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Kickstarting Jewish Culture?

Kickstarting Jewish Culture?

Growing numbers of artists hustling projects on new fundraising site, bypassing traditional philanthropy.

Eden Pearlstein, 31, is a Jewish musician, a rapper of Kabbalah-influenced rhymes. Which is to say, he’s in debt.

So to make a video for a song from his most recent album, he raised $3,700 at an online showcase for independent creative projects:

“I would call what I do analogous to artisanal food,” said Pearlstein, a baal teshuvah who lives in the Crown Heights section of Brooklyn and goes by the stage name Eprhyme. “I’m not trying to be the McDonald’s of music.”

From Eprhyme to Israeli pop star David Broza, it’s a global gold rush to Kickstarter, the preeminent fundraising site for artists of all stripes, not just Jewish ones. It has generated more than $80 million for more than 11,000 projects since its launch about two years ago, spokesman Justin Kazmark said.

“Everyone’s talking about Kickstarter and everyone seems to be doing it,” said Annette Ezekiel-Kogan, founder of the Eastern European folk-punk band Golem, which made CDs under the Jewish nonprofit JDub, the forward-thinking record label that announced its financial failure last month.

Kickstarter can help an act start out, fund a specific project and, especially, broaden its audience, say Jewish musicians and the philanthropists, foundations and record labels that back them. Broza raised $65,000 to cut a new album.

But its sudden prominence also sharpens the question raised by JDub’s closure: how much do American Jews value their musicians?

Historically, other priorities have taken precedence, said Ari Kelman, a professor of contemporary Jewish culture at University of California-Davis who has written a cultural history of Yiddish radio.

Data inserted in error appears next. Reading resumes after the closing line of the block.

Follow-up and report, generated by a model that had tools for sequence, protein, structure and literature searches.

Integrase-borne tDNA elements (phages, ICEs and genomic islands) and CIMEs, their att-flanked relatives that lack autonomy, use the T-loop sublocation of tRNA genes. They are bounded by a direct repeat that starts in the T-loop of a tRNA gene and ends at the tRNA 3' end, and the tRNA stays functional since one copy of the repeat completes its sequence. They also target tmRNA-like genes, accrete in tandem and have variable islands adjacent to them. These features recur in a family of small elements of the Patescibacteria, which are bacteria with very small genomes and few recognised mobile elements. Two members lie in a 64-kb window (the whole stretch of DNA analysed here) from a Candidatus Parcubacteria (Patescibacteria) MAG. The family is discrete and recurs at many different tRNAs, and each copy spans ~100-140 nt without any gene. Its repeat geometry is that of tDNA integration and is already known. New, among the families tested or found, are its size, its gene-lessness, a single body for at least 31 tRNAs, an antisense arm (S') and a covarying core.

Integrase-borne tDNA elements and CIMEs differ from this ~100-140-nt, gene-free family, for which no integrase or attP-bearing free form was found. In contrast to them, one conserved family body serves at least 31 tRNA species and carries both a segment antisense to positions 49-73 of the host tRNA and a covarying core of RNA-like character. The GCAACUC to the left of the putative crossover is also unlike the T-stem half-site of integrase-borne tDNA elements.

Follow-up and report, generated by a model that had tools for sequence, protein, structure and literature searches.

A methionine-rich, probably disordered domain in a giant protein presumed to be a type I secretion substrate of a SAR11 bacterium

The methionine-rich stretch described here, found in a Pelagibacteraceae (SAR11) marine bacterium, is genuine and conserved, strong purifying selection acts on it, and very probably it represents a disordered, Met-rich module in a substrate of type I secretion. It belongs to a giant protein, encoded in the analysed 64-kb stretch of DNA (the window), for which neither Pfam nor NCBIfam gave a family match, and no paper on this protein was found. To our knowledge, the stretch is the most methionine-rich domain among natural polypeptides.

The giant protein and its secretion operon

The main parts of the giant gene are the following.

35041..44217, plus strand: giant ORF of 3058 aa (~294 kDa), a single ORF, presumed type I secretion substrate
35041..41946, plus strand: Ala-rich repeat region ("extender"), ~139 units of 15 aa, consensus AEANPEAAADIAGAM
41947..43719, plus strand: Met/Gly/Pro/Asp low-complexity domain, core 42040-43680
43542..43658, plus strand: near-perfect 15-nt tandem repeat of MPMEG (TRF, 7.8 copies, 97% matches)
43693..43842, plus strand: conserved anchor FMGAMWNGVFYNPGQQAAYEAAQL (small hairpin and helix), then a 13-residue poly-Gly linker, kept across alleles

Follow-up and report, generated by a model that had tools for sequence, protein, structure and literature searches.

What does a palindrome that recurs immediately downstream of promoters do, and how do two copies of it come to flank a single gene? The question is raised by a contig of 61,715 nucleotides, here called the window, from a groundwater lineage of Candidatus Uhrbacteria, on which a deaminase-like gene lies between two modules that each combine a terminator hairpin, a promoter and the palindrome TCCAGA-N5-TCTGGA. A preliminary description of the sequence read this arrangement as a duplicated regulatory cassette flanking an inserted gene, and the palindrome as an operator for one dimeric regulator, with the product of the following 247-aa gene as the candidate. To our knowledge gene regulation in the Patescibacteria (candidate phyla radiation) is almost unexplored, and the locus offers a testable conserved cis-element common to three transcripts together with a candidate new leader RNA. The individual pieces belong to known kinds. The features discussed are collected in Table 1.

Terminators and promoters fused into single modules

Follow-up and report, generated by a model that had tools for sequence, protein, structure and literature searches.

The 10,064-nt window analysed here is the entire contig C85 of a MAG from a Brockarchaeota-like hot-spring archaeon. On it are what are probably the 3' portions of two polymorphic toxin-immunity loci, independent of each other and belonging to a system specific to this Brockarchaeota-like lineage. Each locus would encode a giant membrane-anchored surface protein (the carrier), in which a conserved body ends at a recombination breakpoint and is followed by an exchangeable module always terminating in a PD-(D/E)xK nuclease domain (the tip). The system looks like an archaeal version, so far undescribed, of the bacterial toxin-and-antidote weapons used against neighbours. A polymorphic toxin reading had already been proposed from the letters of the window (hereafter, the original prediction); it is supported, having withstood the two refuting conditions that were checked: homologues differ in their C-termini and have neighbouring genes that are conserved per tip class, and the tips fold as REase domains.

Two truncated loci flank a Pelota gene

JDub closed after almost nine years of operation during which it released 35 albums, helped launch the career of crossover chasidic reggae star Matisyahu and developed a hybrid record label business model with multiple sources of revenue, including nonprofit support and income from merchandise sales, music and consulting services.

“Millions of dollars are spent counting Jews, but we don’t know how much money is spent supporting culture,” Kelman said. “It’s incredibly revealing of the Jewish community’s own sense of what has been important.”

Talk about Jewish funding for culture seems to be getting louder, Kelman said, citing a 2010 panel discussion at the Association for Jewish Studies conference. Fordham University professor Ayala Fader is planning a book on the subject. Stephen Hazan Arnoff, executive director of the 14th Street Y, and Steven M. Cohen, research professor of Jewish social policy at Hebrew Union College-Jewish Institute of Religion, published in JTA a call for a “Jewish cultural policy” after JDub shut down.

Of course, that conversation is part of a larger national debate about support for arts and culture, especially when the effects of recession linger and unemployment persists above 9 percent. Recently, Republicans cited the soft economy when they repeated their call to eliminate the National Endowment for the Arts altogether.